There’s not a lot of filtering in the version of Sandi Brock’s sheep farm that she shows to the world. It’s real and it’s popular with viewers of her YouTube channel.
On the channel she talks about what she does on her farm in great detail, from lambing processes to barn design to shipping to how to stay married while farming with a spouse.
Why it matters: The Perth County sheep farmer has become one of the most successful Canadian farmers in connecting to consumers. She does it through her YouTube channel Sheepishly Me.
Brock recently told a visit with the members of the Eastern Canada Farm Writers Association that she started the video log as a way to reach out. But she’s never done it with an agenda, other than reflecting what she does.
“At the end of the day I want to connect with more people,” she said. She also uses Facebook and Instagram to reach consumers and farmers.
The video logs, now numbering over 100, may be Brock’s long-term legacy in the industry. Where someone else may have written a book about their farming experience, Brock is putting her experience on video.
“I’m writing my book talking to the video camera,” she says. “I’m not trying to do more than that. I’m not trying to create public trust. I’m not trying to convince people to eat lamb. I want to write my story and every time I press record, I have no idea how it’s going to end and every week it is a different chapter.”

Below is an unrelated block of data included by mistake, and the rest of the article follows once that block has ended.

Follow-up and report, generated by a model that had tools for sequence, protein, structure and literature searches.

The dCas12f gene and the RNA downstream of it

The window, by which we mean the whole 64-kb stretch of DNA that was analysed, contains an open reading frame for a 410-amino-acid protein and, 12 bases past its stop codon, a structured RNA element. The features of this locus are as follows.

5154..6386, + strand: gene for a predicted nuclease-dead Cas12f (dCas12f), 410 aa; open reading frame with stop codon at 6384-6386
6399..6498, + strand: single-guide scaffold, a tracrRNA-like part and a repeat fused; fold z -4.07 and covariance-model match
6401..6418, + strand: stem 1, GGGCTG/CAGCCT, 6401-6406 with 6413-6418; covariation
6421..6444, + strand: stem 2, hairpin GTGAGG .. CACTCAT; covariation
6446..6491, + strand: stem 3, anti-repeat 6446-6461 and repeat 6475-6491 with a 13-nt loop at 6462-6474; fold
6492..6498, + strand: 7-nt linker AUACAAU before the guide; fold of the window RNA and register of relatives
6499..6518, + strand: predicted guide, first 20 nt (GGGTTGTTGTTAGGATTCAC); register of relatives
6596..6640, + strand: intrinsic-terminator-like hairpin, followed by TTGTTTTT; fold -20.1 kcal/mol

Brock says she doesn’t have the ability to focus long enough to write enough to make a book. But taking videos as she goes about her work, just talking as she’s doing is something completely different.
Not only is she talking plainly about what she does, in the language of sheep farmers and that is interesting to consumers, she’s created a vast library of information for prospective sheep farmers. Farming close to 500 ewes, she knows her stuff. She also brings in other people in the industry to talk about what they do, related to her farm.
Niche channels tend to be the most successful on YouTube and her popularity is building there.
The YouTube channel now has more than 18,000 subscribers and her most-recent videos are viewed by tens of thousands of people.
That large of a following would be seen a marketing opportunity by some, but Brock isn’t there yet. Sheep prices have been healthy for the past couple of years, so there’s not an economic incentive for her to sell lamb meat to her viewers.
Her channel is also coming up high on Google searches on lamb, as shown by a recent viewer who was just starting to eat lamb and found her high in a Google search. That ability to compete with animal rights search results has been a challenge for people in agriculture.
She says marketing is not her forté, but it is an option at some point if selling direct was needed.
“I think this will contribute to some kind of good, business-wise to our farm. I just don’t know what that is.”
She dedicates several hours per week to the videos that she edits herself, but says that experience with shooting and editing video has made her more efficient.
The authenticity that Brock brings to what she does means she believes that if she is ever targeted because she is a livestock farm, her viewers will have her back.
She already shows everything, the good and the challenging, on her farm.
“If they want to go in there an expose me, ok, well I’ve already done it.”